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Hot and Cold

Things are getting spicy up here on the hill. We harvested a boatload of hot peppers ahead of the frost. Hot sauce is in your future! If you don’t have time to make it yourself, I bought a bunch of organic, naturally fermented salsa and siracha sauce from an innovative and rockstar farm in Sunderland, MA. Yes, ORGANIC FERMENTED SIRACHA! I brought some in last year and it was a big hit – I ran out of my personal stash a couple months ago and have been dying for this season’s batch to come out. Scroll to the bottom of the ordering page to find them.

The cold wind kept me inside Thursday, so I didn’t assess the damage from the cold night(s) till Friday. I’m not sure which night was the silent killer but it took out all of the tomatoes and eggplant, which honestly were circling the drain anyway. We spent all day Wednesday picking ahead of the cold – in hindsight, there was some precious last tidbits of summer that I could have saved. Coulda woulda shoulda. There was a surprising amount of peppers (mostly green, lots of hots) and eggplant left out there. If any of you are lucky enough to get the limited eggplant on Monday, here’s our go-to eggplant recipe worth it’s weight in gold, courtesy of a wise farmer up north…from back in 2013 when Potter Hill Farm was about as old as baby Nora.

Speaking of who, I was on Nora duty while writing this – my first time alone with her and she snoozed the whole time. She’s definitely a different baby from Paddy Rose so far, though it has only been a week. A seemingly very long week – she’s so seamlessly integrated into the family that I feel she’s been with us much longer! Paddy Rose has had lots of emotions but in true big sister fashion, she has directed nothing but love and kisses toward Nora and plenty of stubbornness and terror at her parents. Just kidding. Sort of.

Lots of great greens going strong still, especially in the lettuce department. A couple new items too, but you’ll have to check the list to find out what!

Veggie Ordering and Pickup Procedures:
Put your veggie orders in online before 6am Monday. We’ll have your order available for you to pick-up from 4-7pm Monday on the farm at 64 Potter Hill Rd in Grafton. Pickups are in the long white garage on the left across from the big red barn at the crest of the hill.
Frosty
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New Arrival

Baby Nora finally arrived on Tuesday, so this update is going to be light on content and heavy on adorable pictures. We returned from the hospital Thursday just in time for another deluge. Glass half full take…at least I’m not farming down in North Carolina! But still…downright demoralizing. I got a chance to tour the garden before it started and it was finally drying out and looking really good. Now it’s a mud pit!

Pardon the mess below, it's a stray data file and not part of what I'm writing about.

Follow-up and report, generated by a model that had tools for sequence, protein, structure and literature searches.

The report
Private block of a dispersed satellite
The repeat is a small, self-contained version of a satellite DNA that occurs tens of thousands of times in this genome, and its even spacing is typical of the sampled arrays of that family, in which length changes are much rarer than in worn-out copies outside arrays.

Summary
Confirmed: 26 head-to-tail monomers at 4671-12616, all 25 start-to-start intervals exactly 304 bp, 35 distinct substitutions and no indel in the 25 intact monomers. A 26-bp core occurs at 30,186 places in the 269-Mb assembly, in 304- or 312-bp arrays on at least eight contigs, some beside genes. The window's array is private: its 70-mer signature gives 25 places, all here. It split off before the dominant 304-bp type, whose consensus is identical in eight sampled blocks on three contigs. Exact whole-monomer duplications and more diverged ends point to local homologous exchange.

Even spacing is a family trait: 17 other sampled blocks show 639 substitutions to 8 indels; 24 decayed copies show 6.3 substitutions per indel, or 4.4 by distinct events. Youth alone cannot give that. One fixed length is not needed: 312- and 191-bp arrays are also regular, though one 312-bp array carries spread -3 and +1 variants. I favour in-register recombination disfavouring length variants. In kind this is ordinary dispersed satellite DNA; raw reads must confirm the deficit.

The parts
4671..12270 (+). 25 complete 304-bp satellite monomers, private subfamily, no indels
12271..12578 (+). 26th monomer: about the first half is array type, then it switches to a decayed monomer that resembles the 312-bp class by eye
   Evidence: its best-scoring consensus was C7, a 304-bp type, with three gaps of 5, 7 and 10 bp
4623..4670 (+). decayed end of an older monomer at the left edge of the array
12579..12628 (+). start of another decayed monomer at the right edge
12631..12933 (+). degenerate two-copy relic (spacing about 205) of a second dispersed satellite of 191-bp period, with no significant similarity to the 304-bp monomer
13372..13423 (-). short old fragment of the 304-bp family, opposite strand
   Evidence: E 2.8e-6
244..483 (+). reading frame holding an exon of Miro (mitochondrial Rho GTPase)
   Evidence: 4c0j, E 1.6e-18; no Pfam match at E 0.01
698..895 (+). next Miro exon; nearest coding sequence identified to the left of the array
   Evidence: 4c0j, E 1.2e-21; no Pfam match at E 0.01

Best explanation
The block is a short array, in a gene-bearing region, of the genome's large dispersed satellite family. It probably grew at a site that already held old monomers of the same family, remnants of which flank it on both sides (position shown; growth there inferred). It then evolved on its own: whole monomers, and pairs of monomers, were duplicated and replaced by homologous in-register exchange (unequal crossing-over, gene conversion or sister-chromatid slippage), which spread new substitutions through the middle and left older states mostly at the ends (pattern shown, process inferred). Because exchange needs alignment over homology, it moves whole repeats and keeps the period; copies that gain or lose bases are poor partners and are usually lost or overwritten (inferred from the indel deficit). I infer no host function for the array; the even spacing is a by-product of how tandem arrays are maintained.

Mom, dad, baby and big sister are all doing well. Looking forward to telling Nora’s tale sometime, it’s a good one. Long story short, we left the house for the hospital at 6am Tuesday and she was born at 6:47am Tuesday (IN the hospital fortunately). Nora is very squeaky and delightful and Paddy Rose is ecstatic (for now) to have a little sister.

Veggie Ordering and Pickup Procedures:
Put your veggie orders in online before 6am Monday. We’ll have your order available for you to pick-up from 4-7pm Monday on the farm at 64 Potter Hill Rd in Grafton. Pickups are in the long white garage on the left across from the big red barn at the crest of the hill.
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Foraging

First off, just some quick housekeeping. With the quasi-holiday on Monday, I am shaving an hour off the end of the pickup so it’ll be 4-6pm. If you can’t make it until after 6, no problem – just let me know and I will bag it up for you.

My apologies that you’ve heard a lot of complaints from me lately. Fortunately you’ve caught me in a good mood today! I get rejuvenated via really delicious, fresh food and I’ve had some amazing food this week. Thursday started out with scrambled eggs, broccoli leaves, scallions, and savory for breakfast. Snack was some foraged autumn olives and lunch was supplemented with the 3 pound hen of the woods mushroom Pat and I found on a little foraging walk we took through the woods. If we can find another gem like the one below, I will put it on the list this week or next. It’s so good I want to horde it all for myself and share it with you all because I want you to experience its deliciousness. Apparently it was a really productive foraging adventure, so Pat says I shouldn’t get used to it.